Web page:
It is with all of these doubts that I went through the process, and I expect to continually be challenged as I progress through my medical education. That's the rub of being non-traditional, I suppose. At the same time, I have managed to excel as a student and prove to myself that I do have what it takes to become a physician. I'm incredibly excited to be where I am today, and I can't recall a time when I was happier than I am now. I can't wait to don my white coat and show those 22-year-olds what these old bones are capable of doing!
Very Inspriring. I am kind of going down the same route that you took. At this moment I am preparing for the MCAT in Jan and hopefully the results will be as promising. I will be 34 once I start med school so you are no old bones.
 
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BlakeTyger

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blee said:
I meant to start this thread a few months ago, but better late than never. I wanted to share a quick summary of my story as a non-traditional applicant, in the hopes that those who are tentative or just starting their journeys might gain some insight into the process or at least be encouraged that success is within reach. I am neither the most successful nor the best qualified of the folks I've met here, though, so I'd like for all non-trad medical students to join in. If this thread becomes long/important enough, I'd like for it to become a sticky.
Thanks again for another wonderful and inspiring post. I hope to start a 2-year post-bacc program next August (or even earlier than that) and hopefully start med school at age 26 or 27. It doesn't end up mattering what age we are when we are lucky enough to enter med school, what matters is that our passion and dedication will eventually earn us that white coat. Congrats to you on entering medical school soon...all the best! :) :thumbup:
 

tncekm

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Awesome story, blee! Glad to see you're doing what you truly want to do and I wish you and your family the best of luck during this endeavor :)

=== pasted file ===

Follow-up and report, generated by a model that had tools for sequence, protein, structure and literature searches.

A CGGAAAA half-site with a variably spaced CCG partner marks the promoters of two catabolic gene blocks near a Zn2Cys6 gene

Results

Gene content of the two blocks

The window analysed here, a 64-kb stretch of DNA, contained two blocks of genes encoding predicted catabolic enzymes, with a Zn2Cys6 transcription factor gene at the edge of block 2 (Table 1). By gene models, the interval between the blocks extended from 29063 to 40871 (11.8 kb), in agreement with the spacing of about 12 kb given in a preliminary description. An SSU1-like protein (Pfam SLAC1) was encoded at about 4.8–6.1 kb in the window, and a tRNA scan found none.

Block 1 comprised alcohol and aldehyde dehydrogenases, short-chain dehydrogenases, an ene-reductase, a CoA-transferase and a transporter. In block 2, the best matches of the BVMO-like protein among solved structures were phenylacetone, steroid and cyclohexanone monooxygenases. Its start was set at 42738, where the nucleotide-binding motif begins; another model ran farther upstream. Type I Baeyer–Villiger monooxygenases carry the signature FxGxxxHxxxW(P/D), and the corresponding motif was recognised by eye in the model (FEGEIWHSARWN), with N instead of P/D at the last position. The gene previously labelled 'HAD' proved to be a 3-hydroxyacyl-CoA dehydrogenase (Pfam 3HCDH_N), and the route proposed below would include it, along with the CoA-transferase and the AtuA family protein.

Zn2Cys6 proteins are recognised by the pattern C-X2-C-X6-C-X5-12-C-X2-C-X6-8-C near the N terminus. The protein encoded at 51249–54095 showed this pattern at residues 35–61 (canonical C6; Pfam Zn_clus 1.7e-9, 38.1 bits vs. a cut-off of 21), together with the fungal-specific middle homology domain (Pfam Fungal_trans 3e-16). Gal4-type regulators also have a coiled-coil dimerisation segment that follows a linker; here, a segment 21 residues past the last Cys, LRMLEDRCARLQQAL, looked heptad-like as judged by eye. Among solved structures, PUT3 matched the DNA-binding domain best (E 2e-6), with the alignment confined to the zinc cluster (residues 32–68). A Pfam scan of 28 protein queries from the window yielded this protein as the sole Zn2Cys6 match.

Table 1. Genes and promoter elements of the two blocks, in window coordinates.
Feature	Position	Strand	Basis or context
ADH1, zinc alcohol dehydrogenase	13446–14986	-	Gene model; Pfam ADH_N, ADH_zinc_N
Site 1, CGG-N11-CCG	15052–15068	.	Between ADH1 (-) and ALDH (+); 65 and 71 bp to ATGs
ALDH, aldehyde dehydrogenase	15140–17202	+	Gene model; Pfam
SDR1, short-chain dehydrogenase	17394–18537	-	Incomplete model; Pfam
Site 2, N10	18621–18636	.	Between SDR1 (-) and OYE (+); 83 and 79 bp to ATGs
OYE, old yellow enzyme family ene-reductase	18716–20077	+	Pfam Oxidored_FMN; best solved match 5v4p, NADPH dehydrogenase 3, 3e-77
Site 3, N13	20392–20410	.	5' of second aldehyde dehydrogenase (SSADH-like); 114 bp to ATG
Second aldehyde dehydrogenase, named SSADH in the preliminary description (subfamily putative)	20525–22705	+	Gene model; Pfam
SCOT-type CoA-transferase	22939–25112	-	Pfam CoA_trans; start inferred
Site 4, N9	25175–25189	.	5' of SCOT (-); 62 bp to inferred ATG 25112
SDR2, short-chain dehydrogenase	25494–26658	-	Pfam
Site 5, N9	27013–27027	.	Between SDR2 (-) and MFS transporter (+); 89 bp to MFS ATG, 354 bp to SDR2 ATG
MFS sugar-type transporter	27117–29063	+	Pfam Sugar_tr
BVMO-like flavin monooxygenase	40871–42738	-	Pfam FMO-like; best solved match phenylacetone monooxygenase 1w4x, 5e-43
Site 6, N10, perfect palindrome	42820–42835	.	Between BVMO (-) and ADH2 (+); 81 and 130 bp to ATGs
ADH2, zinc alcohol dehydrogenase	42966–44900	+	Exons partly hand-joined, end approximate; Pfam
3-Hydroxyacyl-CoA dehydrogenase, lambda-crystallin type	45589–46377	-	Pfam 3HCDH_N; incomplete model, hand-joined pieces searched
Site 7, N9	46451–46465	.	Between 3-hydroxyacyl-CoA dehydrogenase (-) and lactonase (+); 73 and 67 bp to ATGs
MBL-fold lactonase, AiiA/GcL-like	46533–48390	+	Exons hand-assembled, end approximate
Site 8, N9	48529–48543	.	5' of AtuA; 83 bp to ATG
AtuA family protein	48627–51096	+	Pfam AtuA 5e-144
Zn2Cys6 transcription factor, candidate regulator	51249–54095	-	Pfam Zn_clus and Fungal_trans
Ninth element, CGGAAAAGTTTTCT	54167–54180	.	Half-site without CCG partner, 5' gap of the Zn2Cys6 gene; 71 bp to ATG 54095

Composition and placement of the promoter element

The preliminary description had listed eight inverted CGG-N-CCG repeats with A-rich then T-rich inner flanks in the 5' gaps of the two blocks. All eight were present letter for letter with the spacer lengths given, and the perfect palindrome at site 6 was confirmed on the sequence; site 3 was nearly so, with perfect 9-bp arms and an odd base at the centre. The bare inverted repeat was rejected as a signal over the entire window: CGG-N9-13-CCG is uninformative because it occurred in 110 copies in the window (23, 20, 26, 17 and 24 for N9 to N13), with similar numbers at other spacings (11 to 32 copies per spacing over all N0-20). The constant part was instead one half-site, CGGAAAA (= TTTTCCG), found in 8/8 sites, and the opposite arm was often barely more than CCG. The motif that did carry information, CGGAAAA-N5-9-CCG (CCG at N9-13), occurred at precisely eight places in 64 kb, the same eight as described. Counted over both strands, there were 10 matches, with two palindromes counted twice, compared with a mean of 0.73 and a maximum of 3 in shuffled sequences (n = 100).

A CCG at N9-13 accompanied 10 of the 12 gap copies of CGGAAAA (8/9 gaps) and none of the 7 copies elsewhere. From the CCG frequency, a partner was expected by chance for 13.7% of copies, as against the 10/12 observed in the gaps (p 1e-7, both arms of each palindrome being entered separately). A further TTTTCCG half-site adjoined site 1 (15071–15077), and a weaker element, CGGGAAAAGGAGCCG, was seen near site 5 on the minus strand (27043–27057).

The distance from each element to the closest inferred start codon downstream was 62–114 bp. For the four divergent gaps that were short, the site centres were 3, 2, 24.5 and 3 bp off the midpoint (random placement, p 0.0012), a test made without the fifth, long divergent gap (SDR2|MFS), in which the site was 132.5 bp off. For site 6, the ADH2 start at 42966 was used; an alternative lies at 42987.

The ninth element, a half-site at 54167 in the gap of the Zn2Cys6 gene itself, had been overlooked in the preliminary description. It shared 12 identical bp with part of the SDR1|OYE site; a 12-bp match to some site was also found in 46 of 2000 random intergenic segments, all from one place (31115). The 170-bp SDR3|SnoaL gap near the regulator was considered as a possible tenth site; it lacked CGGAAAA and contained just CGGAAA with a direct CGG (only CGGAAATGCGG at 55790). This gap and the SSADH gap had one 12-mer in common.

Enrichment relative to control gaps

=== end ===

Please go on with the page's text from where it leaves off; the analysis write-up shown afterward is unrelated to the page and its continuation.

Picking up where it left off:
Playmakur42

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Congrats on your acceptance! It's nice to hear about a "non-trad" who has had success.
 

Velvette

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Thank you for the inspiration :) As an undergrad, my gpa isn't so hot and your story makes me confident in my journey.
 

tncekm

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And its just nice to hear somethign that sounds "real", ya know? You worked hard to overcome decisions you weren't happy with in the past and now you're living out a dream.

Not to go O/T, but I read so many bunk sounding threads/posts/mdapplicant profiles with kids with like 3.96 GPA and 3.91 BCPM wit a 37+ MCAT and they're saying: "ohh, I was rejected here...and here....and here..." I just don't see how that happens, honestly. If you're getting a 3.96 GPA and 3.91 BCPM and getting close to 40s on MCAT, I just don't see how you'd be getting rejected from hardly anywhere unless you can't speak without slurring and foaming on the interviewers desk.
 

QofQuimica

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tncekm said:
And its just nice to hear somethign that sounds "real", ya know? You worked hard to overcome decisions you weren't happy with in the past and now you're living out a dream.